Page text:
Thursday, 7 September 2017

Naoko Takeuchi's "Codename: Sailor V"



So I think this is something new for me, particularly since it’s been a very long while since my last review. But I am going to look at ‘Codename: Sailor V’, a manga series by Naoko Takeuchi (she created ‘Sailor Moon’ if you aren’t familiar, which is kind of a big deal to me).

First of all, I don’t know how great a review can be when I’m not reading it in its original language (that goes for all books, even translations I have reviewed in the past), but given I know ‘Sailor Moon’ has had at least two different English translations, I know that there is a need to balance between trusting a translation and wondering how correct it is. I may have never really thought about it as much in the past; I guess as I have become older, it has become more important. Does that mean I should review something more poorly because it is a translation? No, I don’t think so. I think that I review it and hope that it is as full a text as the original. So let’s see how I go.

Another difference outside of the fact that this series is manga, is that there are two volumes to make up a complete story and I will review them as a whole. Again, maybe not the wisest decision as one volume could be much more strongly written than the other, but I’ll do it anyway and you can let me know what you think if it goes horribly wrong.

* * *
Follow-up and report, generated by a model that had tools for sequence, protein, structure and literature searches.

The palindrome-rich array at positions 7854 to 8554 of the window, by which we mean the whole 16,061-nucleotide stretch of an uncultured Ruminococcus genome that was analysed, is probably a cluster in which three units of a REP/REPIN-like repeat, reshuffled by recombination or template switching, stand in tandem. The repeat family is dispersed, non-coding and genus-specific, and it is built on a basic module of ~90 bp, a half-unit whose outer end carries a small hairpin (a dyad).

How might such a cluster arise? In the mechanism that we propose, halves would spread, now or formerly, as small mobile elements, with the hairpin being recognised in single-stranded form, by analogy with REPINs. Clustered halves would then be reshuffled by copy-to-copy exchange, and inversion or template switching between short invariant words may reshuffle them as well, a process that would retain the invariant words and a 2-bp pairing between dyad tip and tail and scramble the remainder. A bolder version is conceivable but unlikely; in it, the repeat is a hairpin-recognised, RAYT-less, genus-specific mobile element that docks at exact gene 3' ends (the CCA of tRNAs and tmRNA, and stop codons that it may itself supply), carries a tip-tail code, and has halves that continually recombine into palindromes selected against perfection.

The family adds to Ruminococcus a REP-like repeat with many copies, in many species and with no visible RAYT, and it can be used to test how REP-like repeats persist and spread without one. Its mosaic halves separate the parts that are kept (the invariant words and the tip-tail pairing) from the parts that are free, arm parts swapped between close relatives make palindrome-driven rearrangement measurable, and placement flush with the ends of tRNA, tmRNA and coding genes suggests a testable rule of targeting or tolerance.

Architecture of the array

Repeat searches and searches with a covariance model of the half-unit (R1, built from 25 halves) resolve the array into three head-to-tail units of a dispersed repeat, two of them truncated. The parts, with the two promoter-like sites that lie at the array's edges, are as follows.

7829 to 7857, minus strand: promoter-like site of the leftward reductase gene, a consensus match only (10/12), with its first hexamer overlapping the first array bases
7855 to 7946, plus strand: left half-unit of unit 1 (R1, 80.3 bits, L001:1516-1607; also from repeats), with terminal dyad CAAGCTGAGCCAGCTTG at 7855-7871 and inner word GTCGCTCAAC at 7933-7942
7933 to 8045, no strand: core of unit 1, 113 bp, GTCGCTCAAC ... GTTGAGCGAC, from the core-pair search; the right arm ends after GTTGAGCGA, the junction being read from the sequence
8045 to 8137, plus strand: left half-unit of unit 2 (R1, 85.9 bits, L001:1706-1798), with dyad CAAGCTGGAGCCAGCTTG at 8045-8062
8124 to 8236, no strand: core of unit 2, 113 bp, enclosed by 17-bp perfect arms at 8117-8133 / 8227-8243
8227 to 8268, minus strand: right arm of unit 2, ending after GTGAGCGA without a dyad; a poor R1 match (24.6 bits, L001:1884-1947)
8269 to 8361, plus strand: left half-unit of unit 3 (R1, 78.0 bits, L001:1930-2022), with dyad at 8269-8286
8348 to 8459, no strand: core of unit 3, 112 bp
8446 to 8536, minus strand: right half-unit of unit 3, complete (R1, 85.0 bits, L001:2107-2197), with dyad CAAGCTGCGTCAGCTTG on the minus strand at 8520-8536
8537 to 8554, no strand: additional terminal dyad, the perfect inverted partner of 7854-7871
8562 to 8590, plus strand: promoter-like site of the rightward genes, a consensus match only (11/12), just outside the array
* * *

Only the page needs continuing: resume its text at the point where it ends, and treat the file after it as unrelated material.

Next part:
The story follows a young girl of thirteen years of age, Minako Aino, who becomes a superhero meant to champion justice for the world (though let’s face it, it’s mostly Japan). Basically, that’s it. They are individual stories collected in two volumes to show the progression of her growth and purpose as she continues on this path, and whether this champion of justice is her true calling as a hero. 

As a character, I could argue she is flawed, but it makes her more relatable: a teenage girl trying to be a hero without really having the characteristics of what a true hero is supposed to have. However, Minako is able to come through her battles in the end, like a successful hero, so maybe she reflects the ability to be a hero even when we appear like we aren’t. 

The artwork is beautifully drawn and the story is generally easily to follow (though sometimes I feel like there is a panel missing as I feel like I missed a part of the plot, or maybe this was a translation issue or just a simple misreading). The publication from Kodansha Comics I read has some colour panels at the beginning of each volume, which is a good quality, at least in my eyes, to see how Takeuchi created the looks and colours of her art. I also enjoyed the translation notes at the back for the Japanese cultural tones and jokes placed in the text that the translator has tried to leave in. They even explain why things would have been funny in the original translation that gets lost when in English.

I did think the ‘pet chapters’ were out of place and not necessary as I felt they didn’t add anything much to the overall plot or bottom line of the story, though they are fun for the reader. I did feel like they dragged the story, however. 

Overall, I enjoyed the lightness of the story and to read the lead up to ‘Sailor Moon’. I would recommend it for tweens or young adult readers, given the content and the age of Minako. However, there’s no reason older or younger readers couldn’t enjoy these two volumes, I just don’t know if they would love them. Being a much bigger fan of ‘Sailor Moon’ myself, means I read it because it was a precursor just as much as reading it for its own value. Oh, and if you do pick these up, remember to read them from right to left. 

3.5 / 5

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